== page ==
For patients experiencing painful bowel movements, we perform a transvaginal rectovaginal sonogram (transvaginal ultrasonography or transvaginal ultrasound) on top of a physical exam. Transvaginal ultrasound performed after a bowel preparation improves the ability to properly diagnose intestinal lesions. It also provides invaluable details including which layers of the intestine the disease affects and the distance between the lesion(s) and the anal border. We carefully evaluate the uterine walls, endometrial canal, and endometrial cavity for the presence of adenomyosis, fibroids, and polyps. We then scan the cul-de-sac and rectovaginal septum. Finally, it is important to inspect the ovaries. Having treated women with endometriosis for nearly three decades, we strongly believe that ovarian cancer is directly associated with endometriosis. Transvaginal ultrasounds have consistently proven to be the most promising imaging method for the routine screening of ovarian cancer. It is also very effective in screening for endometriosis.
We use sonohysterography along with an ultrasound to produce detailed images of the uterine cavity in order to aid in identifying endometrial lesions of submucosal fibroids and polyps particularly in patients with a history of infertility and heavy periods, regardless of their pain.
Our approach to diagnosing endometriosis during surgery
Before any excision surgery, we conduct a hysteroscopy in order to visualize the lining of the uterus (endometrium). This will allows us to see if there is any uterine cause for heavy menstrual bleeding, pelvic pain, or infertility.
Following your hysteroscopy, we make small incisions into the abdominal and pelvic region. We then insert a laparoscope into the incision sites. The images appear on two monitors, one for the surgeon and one for the attending resident. We do all our surgeries via laparoscopy. This allows us to clearly visualize any suspected endometriosis lesions.
ABC technique (™)
The Aqua Blue Contrast Technique (ABC) is a patented surgical technique that we use during laparoscopic excision surgery in order to clearly visualize endometriosis scar tissue with an aqua blue contrast solution. While some lesions may be invisible to the typical surgeon using a laparoscopic light, the ABC technique eliminates light reflection and allows the surgeon to visualize, and thus identify and fully excise endometriosis lesions. This method ensures that we identify all areas of endometriosis development throughout the body. This diagnostic tool is strictly unique to us.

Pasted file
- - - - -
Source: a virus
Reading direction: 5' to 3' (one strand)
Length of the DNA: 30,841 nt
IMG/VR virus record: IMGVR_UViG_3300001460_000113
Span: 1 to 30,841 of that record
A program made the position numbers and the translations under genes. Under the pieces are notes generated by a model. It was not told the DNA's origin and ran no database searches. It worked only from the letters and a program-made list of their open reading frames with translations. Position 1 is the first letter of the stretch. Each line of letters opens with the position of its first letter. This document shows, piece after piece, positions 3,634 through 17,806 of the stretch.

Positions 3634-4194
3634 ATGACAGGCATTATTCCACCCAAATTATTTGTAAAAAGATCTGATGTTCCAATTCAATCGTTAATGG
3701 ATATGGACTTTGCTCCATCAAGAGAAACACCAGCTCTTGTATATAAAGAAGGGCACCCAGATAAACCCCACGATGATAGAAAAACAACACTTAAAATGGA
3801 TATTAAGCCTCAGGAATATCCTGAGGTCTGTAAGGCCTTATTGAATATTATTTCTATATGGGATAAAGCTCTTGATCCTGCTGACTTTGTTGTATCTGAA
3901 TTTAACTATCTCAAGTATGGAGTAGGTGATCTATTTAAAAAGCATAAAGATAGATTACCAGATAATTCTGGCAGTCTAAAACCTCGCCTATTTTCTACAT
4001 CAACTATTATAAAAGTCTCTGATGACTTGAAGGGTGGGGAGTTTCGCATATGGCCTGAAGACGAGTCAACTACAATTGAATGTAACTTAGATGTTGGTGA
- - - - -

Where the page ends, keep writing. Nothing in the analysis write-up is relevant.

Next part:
So many patients diagnosed with endometriosis undergo multiple surgeries, only for their symptoms to return. Often, this occurs because the surgeon has not identified every endometriosis lesion and left behind a considerable amount of scar tissue. In order to ensure a thorough and successful surgery, it is crucial for you to ask the right questions about your surgery, and to learn how your surgeon will identify and excise endometrial lesions.
Using common diagnostic tools such as ultrasound, MRI, and hysteroscopy, in combination with our unique method of laparoscopy using the ABC technique, we ensure that no visible endometriosis lesion goes undetected. But on top of these diagnostic tools, the first step in identifying your endometriosis is through proper communication.
Ready for a Consultation?Our endometriosis specialists are dedicated to providing patients with expert care. Whether you have been diagnosed or are looking to find a doctor, they are ready to help.
Our office is located on 872 Fifth Avenue New York, NY 10065.
You may call us at (212) 988-1444 or have your case reviewed by clicking here.
Dr. Seckin is an endometriosis specialist and women’s reproductive health advocate. He has been in private practice for over 30 years at Lenox Hill Hospital with a team of highly skilled personnel.
Dr. Seckin specializes in advanced laparoscopic procedures and is recognized for his expertise in complex cases of deep infiltrating endometriosis of the pelvis. He is particularly dedicated to performing fertility-preserving surgeries on cases involving the ovaries.
He has developed patented surgical techniques, most notably the “Aqua Blue Excision” technique for a better visualization of endometriosis lesions. His surgical techniques are based on precision and microsurgery, emphasizing organ and fertility preservation, and adhesion and pain prevention.
Dr. Seckin is considered a pioneer and advocate in the field of endometriosis.